MAYWOOD, Ill. - The soothing tones of a harp filled her room at Loyola University Hospital as Donna Kuzniar closed her eyes and mentally journeyed off to a more serene place and time, free of the pain and worry of her serious illness.
She remained in her tranquil haven for about 30 minutes until the harpist, internist and pediatrician Linda Fisher, completed her performance and quietly and unobtrusively packed up her music, stand and portable harp and prepared to leave.
"God is great," a tearful Kuzniar said after briefly thanking Fisher. "When you get somebody like Linda Fisher who puts herself out there, it's really encouraging. It's just so generous, so generous of her spirit."
Fisher is among a growing number of health-care professionals who play therapeutic music for patients in hospitals, hospices, homes and other clinical settings to help promote healing. She plays for adult, pediatric and adolescent patients suffering from illnesses ranging from cancer and stroke to trauma and cardiovascular problems.
"What a music practitioner does is provide a healing atmosphere with live music at the bedside of patients," said Fisher, assistant professor, division of internal medicine/pediatrics, Loyola University Chicago Stritch School of Medicine, Maywood, Ill. "In many instances patients don't even have to interact physically or verbally with a practitioner in order for this form of therapy to be effective."
Fisher has performed for hundreds of patients at Loyola. Though she performs a wide variety of musical genres, popular tunes are not a regular part of her repertoire. But she does try to take into account individual musical preferences and carefully observes patients' reactions and adjusts to find the music that best suits patients' therapeutic needs.
"The music I play is not necessarily familiar," said Fisher, who is finishing up coursework towards certification as a music for healing practitioner. "It's healing music that puts the patient in a special place of peace as far as the music's rhythm, melodies and tonal qualities."
It's been long recognized that music can have a profound effect on the human body by easing anxiety and promoting relaxation. However, research indicates that music in a clinical setting can do much more by aiding healing. Studies done in the early 1990s at Bryan Memorial Hospital in Lincoln, Neb., and St. Mary's Hospital in Mequon, Wis., concluded music "significantly" lowered the heart rates and calmed and regulated the blood pressures and respiration rates of patients who had undergone surgery.
In 2007, a study in Germany found that music therapy helped improve the motor skills in patients recovering from strokes. Other studies have found that music therapy can boost the immune system, improve mental focus, help control pain, create a feeling of well being and greatly reduce anxiety of patients awaiting surgery.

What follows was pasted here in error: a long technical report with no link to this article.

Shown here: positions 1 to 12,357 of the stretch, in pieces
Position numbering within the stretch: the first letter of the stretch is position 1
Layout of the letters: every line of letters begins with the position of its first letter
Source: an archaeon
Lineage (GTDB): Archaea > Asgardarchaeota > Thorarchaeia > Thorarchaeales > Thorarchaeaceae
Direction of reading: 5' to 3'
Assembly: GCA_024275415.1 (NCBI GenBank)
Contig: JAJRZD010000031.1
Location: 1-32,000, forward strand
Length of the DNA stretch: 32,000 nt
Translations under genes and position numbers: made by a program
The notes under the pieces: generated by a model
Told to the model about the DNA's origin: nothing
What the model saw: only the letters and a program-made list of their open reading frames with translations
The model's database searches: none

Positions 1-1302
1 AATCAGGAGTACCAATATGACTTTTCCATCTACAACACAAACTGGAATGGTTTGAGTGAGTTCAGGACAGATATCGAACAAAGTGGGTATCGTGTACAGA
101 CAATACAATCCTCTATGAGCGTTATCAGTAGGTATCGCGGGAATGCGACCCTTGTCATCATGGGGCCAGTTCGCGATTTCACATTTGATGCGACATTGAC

"The theory seems to be that live vibration, which is essentially what music is, helps promote human healing since from our nervous system to our very atoms, we as human beings have a lot of vibrations coursing through our bodies," said Fisher who performs for any patient interested.
Fisher decided to take up a musical instrument 12 years ago as a way to ease the stress and tension of busy days seeing and treating patients. She settled on a harp because she was always taken with the instrument's unique acoustic qualities.
"I was driving home from work thinking that I needed another diversion, something more artsy," said Fisher, who is board certified in internal medicine and pediatrics.
She periodically performs music for prayer and meditation in Loyola's chapel, plays religious music in her church and is a member of a harp ensemble called Harpe Diem. She got the idea to incorporate the harp as part of her medical mission after attending a therapeutic harp conference in Salt Lake City.
"I thought this was something I could do because I'm used to working with patients and I thought this would be another aspect of healing," she said. "It's like Loyola's motto, 'We also treat the human spirit.'" This program does make a difference. Putting people in a better spirit or better state of mind is an important part of healing. It's an important part of what we do here at Loyola."
Loyola University Health System (LUHS) is a member of Trinity Health. Based in the western suburbs of Chicago, LUHS is a quaternary care system with a 61-acre main medical center campus, the 36-acre Gottlieb Memorial Hospital campus and more than 30 primary and specialty care facilities in Cook, Will and DuPage counties. The medical center campus is conveniently located in Maywood, 13 miles west of the Chicago Loop and 8 miles east of Oak Brook, Ill. The heart of the medical center campus, Loyola University Hospital, is a 569-licensed-bed facility. It houses a Level 1 Trauma Center, a Burn Center and the Ronald McDonald® Children’s Hospital of Loyola University Medical Center. Also on campus are the Cardinal Bernardin Cancer Center, Loyola Outpatient Center, Center for Heart & Vascular Medicine and Loyola Oral Health Center as well as the LUC Stritch School of Medicine, the LUC Marcella Niehoff School of Nursing and the Loyola Center for Fitness. Loyola's Gottlieb campus in Melrose Park includes the 264-licensed-bed community hospital, the Professional Office Building housing 150 private practice clinics, the Adult Day Care, the Gottlieb Center for Fitness, Loyola Center for Metabolic Surgery and Bariatric Care and the Loyola Cancer Care & Research at the Marjorie G. Weinberg Cancer Center at Melrose Park.